Chemical recycling of mixed plastic waste is both technically feasible and environmentally and financially promising, according to new research from Audi and Karlsruhe Institute of Technology (KIT). The researchers have invented a way to turn mixed plastic waste from automotive manufacturing into pyrolysis oil, which could replace petroleum as a raw material for the production of new plastic parts for cars. Together with partners from the chemical industry and KIT, Audi is now researching ways to industrialize the recycling process.
Many car parts are made of plastics, including fuel tanks, air bag covers or radiator grilles. These parts must meet stringent requirements for safety, heat resistance and quality. As a result, plastic parts that are subject to high levels of stress are typically made from “virgin” materials; mechanically recycled plastics usually cannot meet performance requirements. Additionally, mixed plastic waste is often not available for mechanical recycling.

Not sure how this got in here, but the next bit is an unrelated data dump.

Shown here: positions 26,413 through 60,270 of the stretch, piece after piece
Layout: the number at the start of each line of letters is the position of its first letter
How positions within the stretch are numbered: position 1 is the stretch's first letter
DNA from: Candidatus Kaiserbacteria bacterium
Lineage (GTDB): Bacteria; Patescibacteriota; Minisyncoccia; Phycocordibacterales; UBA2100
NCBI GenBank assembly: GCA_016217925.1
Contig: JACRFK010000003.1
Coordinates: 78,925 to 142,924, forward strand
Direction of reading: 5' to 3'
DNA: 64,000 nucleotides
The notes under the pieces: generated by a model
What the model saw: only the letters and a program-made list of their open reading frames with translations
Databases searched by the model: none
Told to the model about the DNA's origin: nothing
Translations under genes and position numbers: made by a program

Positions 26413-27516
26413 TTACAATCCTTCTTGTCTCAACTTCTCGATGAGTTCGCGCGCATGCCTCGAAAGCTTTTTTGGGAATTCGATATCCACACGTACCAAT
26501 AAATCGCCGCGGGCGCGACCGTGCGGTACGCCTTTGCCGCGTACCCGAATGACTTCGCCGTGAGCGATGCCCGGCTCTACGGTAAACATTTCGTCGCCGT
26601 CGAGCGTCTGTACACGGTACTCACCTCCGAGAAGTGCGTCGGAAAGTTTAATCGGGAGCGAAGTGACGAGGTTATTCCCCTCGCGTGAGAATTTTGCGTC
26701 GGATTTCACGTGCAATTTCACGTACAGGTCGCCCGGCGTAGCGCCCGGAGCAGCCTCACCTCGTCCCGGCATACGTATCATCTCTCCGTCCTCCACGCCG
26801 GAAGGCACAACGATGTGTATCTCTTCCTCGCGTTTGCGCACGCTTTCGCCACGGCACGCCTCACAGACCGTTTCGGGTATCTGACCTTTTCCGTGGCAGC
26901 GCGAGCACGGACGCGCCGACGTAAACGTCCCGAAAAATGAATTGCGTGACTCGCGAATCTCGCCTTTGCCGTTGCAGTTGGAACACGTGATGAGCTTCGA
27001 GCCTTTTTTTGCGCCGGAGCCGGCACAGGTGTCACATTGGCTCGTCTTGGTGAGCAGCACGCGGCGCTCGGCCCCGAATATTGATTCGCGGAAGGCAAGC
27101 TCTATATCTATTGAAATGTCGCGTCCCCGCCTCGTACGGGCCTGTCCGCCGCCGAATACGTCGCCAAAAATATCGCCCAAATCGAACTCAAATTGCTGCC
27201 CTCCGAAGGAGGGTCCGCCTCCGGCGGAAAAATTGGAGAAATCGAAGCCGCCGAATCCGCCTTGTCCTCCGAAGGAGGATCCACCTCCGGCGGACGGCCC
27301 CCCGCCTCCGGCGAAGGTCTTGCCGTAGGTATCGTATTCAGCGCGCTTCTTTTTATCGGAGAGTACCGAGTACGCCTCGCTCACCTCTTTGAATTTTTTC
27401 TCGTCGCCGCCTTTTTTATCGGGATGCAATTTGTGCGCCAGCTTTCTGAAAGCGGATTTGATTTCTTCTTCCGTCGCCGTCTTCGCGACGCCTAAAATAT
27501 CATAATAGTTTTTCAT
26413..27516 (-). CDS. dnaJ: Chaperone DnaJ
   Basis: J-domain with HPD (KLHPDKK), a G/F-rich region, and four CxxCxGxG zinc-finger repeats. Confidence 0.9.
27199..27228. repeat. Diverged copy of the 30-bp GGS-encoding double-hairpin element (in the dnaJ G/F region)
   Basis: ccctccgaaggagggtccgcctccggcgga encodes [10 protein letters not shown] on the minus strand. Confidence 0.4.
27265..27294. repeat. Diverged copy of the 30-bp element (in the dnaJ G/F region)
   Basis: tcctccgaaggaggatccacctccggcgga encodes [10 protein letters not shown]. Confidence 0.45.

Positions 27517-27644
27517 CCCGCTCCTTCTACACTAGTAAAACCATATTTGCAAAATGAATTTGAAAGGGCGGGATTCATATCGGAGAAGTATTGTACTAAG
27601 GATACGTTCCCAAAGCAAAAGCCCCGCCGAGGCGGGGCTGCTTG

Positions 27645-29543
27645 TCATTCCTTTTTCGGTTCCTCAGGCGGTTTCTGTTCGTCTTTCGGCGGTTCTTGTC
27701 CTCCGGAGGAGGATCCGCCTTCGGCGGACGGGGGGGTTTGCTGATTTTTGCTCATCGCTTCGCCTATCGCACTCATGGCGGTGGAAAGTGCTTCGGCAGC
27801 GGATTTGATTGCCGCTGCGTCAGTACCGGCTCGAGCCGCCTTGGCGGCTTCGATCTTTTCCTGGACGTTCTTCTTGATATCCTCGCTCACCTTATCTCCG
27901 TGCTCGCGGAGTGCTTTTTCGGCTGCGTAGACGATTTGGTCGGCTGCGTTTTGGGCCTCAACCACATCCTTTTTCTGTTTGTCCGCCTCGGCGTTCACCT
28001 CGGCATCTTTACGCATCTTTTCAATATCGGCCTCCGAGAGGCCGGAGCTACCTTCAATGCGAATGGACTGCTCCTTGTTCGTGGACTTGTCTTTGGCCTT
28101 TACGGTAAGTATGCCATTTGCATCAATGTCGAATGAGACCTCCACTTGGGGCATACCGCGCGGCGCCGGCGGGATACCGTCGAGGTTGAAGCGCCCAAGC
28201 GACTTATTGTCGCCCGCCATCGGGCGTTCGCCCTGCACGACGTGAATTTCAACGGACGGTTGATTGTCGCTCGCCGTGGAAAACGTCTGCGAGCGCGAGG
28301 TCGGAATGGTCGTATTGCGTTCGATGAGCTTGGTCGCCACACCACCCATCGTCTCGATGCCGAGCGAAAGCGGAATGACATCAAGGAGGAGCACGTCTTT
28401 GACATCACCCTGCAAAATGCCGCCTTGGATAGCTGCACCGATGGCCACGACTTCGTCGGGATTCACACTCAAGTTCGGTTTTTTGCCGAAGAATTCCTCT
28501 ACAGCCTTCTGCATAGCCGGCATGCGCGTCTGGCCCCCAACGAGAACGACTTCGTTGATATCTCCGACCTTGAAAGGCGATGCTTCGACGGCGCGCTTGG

To solve this problem, KIT and Audi launched a pilot project for chemical recycling in 2020. Tests were carried out to determine the extent to which mixed automotive plastic could be fed back into a resource-friendly cycle via chemical recycling. The project was led by Dieter Stapf, Ph.D., of the KIT Institute of Technical Chemistry, and Rebekka Volk, Ph.D., of the KIT Institute of Industrial Management and Industrial Production.